Often, we blame ourselves or others when situations make us feel uneasy. But if we learn to discern rather than judge, we begin to see our difficult feelings for what they really are.
By Sally Kempton, YogaJournal.com
Judgment is like cholesterol: There’s a “good” kind and a “bad” kind. My friend Angela calls the good kind ofjudgment “discernment.” She calls the bad kind “the enemy of love.” “It doesn’t matter what situation I go into,” she once told me while suffering through a spell of the bad kind. “I can always find something wrong with it. If it’s not the weather, it’s people’s clothes or the way they’re talking. Whatever it is, I hate it.” You can’t win with your inner judge: It even judges itself for judging.
Sometimes that judgmental state feels like a sword driven right into the delicate fabric of your consciousness. Any feelings of love or relaxation or peace that you might have been nurturing are chopped to bits. Whether you’re judging others or yourself, it’s impossible to aim negative judgments in any direction without experiencing the sharp edges of judgment within yourself. Doubly so, in fact, since the faults we judge most harshly in other people usually turn out to be our own negativities projected outward.
Linda, a gifted and intelligent woman, has a rebellious streak that she’s been trying to suppress for years. When she was in graduate school, she was caught shoplifting and nearly lost her job as a teaching assistant. In later years, she liked to engage in sexual brinkmanship—intense flirtations with much younger men, many of them her students. Nowadays, she prides herself on her ability to spot hidden lawlessness in others. She once drove a colleague out of her teaching position by spreading rumors about the colleague’s affair with the father of a student. She’ll say, with a straight face, that her sense of purity is so powerful that it will always point out the impurity in the people around her. It doesn’t seem to occur to her that the “impurity” she sees in others mirrors behavior she rejects in herself.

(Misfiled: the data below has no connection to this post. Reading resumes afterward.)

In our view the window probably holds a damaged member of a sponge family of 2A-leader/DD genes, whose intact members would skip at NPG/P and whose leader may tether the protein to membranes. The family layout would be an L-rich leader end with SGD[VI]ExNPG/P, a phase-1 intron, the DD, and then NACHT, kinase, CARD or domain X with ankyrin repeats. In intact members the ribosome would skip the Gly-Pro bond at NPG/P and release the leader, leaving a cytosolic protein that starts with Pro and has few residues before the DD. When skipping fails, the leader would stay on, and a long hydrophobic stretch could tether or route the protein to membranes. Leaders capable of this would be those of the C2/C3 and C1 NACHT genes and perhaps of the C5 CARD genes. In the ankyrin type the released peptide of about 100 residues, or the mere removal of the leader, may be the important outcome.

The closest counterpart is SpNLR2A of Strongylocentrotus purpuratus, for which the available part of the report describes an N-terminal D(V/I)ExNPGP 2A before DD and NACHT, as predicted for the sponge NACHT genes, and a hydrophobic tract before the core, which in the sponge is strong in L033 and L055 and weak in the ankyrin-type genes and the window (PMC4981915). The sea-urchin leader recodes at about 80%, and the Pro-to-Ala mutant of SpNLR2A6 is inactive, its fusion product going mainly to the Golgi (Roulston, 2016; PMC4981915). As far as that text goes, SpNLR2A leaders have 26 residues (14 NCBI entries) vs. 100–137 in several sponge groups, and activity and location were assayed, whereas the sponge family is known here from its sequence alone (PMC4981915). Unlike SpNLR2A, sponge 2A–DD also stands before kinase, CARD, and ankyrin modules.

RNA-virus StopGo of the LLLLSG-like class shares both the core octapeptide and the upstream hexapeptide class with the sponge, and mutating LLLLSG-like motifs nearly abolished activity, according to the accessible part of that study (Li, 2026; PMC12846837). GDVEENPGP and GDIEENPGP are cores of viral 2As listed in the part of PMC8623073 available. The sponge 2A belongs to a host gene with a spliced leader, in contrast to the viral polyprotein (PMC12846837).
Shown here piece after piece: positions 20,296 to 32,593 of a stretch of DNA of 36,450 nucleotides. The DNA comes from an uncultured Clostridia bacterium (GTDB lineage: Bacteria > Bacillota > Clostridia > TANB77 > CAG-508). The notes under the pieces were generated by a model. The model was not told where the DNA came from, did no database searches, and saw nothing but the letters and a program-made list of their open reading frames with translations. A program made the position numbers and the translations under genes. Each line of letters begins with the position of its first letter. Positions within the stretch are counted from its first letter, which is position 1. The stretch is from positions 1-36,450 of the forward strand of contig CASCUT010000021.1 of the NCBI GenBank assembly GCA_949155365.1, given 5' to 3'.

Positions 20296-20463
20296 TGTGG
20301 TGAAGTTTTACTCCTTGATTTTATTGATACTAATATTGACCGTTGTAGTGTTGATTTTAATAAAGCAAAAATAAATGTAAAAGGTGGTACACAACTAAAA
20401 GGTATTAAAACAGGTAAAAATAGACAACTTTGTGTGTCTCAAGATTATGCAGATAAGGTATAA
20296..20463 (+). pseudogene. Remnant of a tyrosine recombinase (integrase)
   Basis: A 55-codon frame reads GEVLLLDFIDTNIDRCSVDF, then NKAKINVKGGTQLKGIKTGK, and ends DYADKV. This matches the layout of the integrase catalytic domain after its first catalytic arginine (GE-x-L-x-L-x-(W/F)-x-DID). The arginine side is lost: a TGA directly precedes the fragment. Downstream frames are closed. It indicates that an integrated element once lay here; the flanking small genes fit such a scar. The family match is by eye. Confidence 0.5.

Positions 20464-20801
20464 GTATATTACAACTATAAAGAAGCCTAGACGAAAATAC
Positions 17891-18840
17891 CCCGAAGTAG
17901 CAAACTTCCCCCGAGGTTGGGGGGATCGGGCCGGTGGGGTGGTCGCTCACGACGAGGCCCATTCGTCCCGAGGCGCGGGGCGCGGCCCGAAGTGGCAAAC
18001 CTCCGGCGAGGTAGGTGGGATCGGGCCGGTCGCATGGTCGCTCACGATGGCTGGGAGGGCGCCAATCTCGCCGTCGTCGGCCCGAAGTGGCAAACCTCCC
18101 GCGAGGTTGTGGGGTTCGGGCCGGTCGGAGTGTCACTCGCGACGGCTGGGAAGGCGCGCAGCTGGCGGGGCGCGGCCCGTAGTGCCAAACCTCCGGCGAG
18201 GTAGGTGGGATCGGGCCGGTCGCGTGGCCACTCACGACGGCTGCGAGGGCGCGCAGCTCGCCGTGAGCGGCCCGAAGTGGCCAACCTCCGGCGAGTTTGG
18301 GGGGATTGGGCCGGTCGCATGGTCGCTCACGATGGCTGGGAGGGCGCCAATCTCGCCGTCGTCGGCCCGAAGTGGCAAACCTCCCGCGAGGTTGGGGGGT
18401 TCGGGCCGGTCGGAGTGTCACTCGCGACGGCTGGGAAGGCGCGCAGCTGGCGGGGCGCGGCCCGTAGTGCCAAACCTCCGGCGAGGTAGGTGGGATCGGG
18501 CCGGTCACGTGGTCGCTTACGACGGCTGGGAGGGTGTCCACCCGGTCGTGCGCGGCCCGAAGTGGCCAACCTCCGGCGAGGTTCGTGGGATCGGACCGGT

Of course, I’m being judgmental here, and what’s more, taking a certain satisfaction in it. That’s the problem: Unleashing our inner judge can give us a quick hit of superiority. We feel smart when we can wield a skillful insight or pinpoint our parents’ mistakes or the pretenses of our friends, teachers, and bosses. Moreover, judgment fuels passions—a sense of injustice, sympathy for the underdog, the desire to right wrongs. It gets us off the couch and into action. For many of us, judgment and blame are a kind of emotional caffeine, a way of waking ourselves from passivity.
Recently, I was leading a group exercise to dissolve negative emotions in meditation. One participant worked with her judgments about the Iraq war and then shared that when she examined the energy inside those feelings, she could feel its toxicity. Judgment, she realized, could actually make her sick. “The problem is,” she said, “that I don’t know how I’ll generate the passion to do my political work without those feelings of judgment.”
It’s a good observation, and one that every one of us who decides to work through judgmental tendencies has to address. After all, the critical intellect is indispensable. The absence of critical feedback is what creates tyrants, dictators, and bad decisions. Without discernment, we mistake emotional heat for real love, and states of mindless trance for meditation. Discernment—or viveka, as it’s called in Sanskrit—is also the quality that will ultimately allow us to make the subtle spiritual decisions about what we truly value, what will make us happy, and which of our many competing inner voices are important.